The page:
Grader

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Modern grader with a second blade in Jyväskylä, Finland
Modern grader, in foreground

A grader, also commonly referred to as a road grader, a blade, a maintainer, or a motor grader, is a construction machine with a long blade used to create a flat surface during the grading process. Typical models have three axles, with the engine and cab situated above the rear axles at one end of the vehicle and a third axle at the front end of the vehicle, with the blade in between. In certain countries, for example in Finland, almost every grader is equipped with a second blade that is placed in front of the front axle. Some construction personnel refer to the entire machine as "the blade." Capacities range from a blade width of 2.50 to 7.30 m and engines from 93–373 kW (125–500 hp). Certain graders can operate multiple attachments, or be used for separate tasks like underground mining.

In civil engineering, the grader's purpose is to "finish grade" (to refine or set precisely) the "rough grading" performed by heavy equipment or engineering vehicles such as scrapers and bulldozers.

Graders are commonly used in the construction and maintenance of dirt roads and gravel roads. In the construction of paved roads they are used to prepare the base course to create a wide flat surface for the asphalt to be placed on. Graders are also used to set native soil foundation pads to finish grade prior to the construction of large buildings. Graders can produce inclined surfaces, to give cant (camber) to roads. In some countries they are used to produce drainage ditches with shallow V-shaped cross-sections on either side of highways.

A more recent innovation is the outfitting of graders with GPS technology, such as manufactured by Topcon Positioning Systems, Inc., Trimble Navigation, Leica Geosystems or Mikrofyn[1] for precise grade control and (potentially) "stakeless" construction.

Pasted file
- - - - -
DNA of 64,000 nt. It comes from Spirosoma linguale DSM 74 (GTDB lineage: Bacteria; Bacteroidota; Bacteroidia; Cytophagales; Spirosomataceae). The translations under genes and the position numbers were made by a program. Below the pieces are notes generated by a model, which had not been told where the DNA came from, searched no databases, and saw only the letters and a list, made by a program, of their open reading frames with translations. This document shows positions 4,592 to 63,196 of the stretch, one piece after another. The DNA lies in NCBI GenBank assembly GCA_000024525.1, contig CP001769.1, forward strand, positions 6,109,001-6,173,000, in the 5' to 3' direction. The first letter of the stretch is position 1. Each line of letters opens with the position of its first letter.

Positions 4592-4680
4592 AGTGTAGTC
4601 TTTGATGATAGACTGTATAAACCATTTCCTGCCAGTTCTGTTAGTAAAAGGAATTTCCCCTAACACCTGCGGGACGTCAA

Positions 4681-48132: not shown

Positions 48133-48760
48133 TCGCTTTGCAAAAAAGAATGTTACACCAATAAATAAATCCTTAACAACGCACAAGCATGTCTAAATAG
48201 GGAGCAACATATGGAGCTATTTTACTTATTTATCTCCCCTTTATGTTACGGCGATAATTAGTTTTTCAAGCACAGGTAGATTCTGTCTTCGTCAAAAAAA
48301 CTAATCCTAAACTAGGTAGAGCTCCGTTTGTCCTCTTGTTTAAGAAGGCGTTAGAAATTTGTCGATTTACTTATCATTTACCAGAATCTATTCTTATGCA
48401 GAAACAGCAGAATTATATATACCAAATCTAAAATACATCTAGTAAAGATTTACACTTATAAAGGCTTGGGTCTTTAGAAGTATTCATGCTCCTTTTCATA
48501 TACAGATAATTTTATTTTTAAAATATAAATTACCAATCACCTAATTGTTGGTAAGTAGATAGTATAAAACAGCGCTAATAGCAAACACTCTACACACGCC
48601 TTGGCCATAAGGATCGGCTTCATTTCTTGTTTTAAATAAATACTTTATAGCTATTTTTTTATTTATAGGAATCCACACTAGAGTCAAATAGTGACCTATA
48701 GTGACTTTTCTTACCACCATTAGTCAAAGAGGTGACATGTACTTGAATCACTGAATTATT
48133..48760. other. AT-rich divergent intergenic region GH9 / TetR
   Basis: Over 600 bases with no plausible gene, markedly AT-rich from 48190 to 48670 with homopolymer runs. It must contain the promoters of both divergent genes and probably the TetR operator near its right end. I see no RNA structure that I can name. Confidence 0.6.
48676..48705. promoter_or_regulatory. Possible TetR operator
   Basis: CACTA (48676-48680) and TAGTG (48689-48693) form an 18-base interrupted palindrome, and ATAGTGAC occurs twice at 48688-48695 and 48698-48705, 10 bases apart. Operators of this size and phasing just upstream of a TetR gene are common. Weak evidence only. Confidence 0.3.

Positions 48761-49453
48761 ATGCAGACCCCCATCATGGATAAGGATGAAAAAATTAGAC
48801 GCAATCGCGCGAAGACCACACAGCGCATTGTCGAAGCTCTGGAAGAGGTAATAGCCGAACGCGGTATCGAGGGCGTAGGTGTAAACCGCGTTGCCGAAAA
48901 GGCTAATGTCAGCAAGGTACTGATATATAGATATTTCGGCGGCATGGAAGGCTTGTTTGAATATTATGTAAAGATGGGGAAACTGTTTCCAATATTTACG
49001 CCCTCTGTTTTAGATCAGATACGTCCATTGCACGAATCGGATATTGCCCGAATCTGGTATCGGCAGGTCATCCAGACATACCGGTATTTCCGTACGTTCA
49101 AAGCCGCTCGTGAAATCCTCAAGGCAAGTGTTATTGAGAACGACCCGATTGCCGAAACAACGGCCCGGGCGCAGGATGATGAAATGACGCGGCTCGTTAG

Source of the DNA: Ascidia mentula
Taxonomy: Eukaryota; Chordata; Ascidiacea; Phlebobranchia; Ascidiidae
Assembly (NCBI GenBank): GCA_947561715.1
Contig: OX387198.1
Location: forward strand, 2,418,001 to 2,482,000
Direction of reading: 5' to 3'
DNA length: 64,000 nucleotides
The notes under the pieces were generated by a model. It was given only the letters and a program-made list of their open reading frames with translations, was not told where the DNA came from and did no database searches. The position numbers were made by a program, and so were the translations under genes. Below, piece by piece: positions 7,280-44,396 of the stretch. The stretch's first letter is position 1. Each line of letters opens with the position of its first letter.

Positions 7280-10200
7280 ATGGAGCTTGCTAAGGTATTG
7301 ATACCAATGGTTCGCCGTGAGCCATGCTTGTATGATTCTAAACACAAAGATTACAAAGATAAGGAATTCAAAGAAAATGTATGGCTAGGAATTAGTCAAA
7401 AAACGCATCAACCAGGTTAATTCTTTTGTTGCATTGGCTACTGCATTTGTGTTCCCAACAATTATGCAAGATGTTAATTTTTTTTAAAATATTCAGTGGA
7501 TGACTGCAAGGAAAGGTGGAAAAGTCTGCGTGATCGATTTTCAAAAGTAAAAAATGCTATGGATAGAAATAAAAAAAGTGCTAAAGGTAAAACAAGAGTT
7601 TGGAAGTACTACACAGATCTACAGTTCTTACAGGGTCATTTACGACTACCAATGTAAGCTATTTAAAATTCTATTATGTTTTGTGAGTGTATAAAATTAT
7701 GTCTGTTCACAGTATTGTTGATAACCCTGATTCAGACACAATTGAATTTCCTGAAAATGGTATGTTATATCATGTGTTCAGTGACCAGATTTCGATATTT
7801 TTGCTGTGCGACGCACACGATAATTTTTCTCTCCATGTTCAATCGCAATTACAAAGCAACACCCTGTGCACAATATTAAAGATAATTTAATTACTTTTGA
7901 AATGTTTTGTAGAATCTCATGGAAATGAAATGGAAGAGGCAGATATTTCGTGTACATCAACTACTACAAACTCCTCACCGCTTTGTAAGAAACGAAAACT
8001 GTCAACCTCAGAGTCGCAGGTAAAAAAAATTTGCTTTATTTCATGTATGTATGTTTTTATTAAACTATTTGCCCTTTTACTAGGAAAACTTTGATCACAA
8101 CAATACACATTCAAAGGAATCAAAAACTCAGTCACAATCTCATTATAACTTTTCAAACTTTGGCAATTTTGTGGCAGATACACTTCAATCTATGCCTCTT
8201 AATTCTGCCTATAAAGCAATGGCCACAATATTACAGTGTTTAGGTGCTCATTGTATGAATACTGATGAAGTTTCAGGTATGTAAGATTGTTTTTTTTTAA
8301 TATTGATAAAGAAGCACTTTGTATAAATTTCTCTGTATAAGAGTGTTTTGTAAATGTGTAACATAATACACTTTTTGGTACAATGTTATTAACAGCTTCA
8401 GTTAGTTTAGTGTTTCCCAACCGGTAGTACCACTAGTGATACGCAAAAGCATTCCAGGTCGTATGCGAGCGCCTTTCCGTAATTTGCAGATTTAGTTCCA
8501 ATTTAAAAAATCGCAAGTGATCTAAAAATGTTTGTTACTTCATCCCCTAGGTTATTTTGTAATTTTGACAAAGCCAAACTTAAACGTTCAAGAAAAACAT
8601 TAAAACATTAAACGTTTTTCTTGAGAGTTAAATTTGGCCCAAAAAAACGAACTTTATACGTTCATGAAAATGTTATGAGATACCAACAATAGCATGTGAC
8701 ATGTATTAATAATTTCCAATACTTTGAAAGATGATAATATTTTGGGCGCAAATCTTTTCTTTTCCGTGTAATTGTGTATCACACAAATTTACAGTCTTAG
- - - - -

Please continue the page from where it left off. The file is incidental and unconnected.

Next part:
History[edit]

1918 grader

Early graders were drawn by people and draft animals. The era of motorization by traction engines, steam tractors, motor trucks, and tractors saw such towed graders grow in size and productivity. The first self-propelled grader was made in 1920 by the Russell Grader Manufacturing Company, which called it the Russell Motor Hi-Way Patrol. These early graders were created by adding the grader blade as an attachment to a generalist tractor unit. After purchasing the company in 1928, Caterpillar went on to truly integrate the tractor and grader into one design—at the same time replacing crawler tracks with wheels to yield the first rubber-tire self-propelled grader, the Caterpillar Auto Patrol, released in 1931.[2]

Regional uses[edit]

In some locales such as Northern Europe, Canada, and places in the United States, graders are often used in municipal and residential snow removal. In scrubland and grassland areas of Australia and Africa, graders are often an essential piece of equipment on ranches, large farms, and plantations to make dirt tracks where the absence of rocks and trees means bulldozers are not required.

Grader-style vehicle using a sweeper attachment

Manufacturers[edit]

See also[edit]

References[edit]

  1. ^ http://www.mikrofyn.com
  2. ^ Orlemann, Eric (2007). "The Caterpillar Century" (2nd ed.). Motorbooks International. p. 118. ISBN 978-0-7603-2961-0. Retrieved 7 March 2012. 

External links[edit]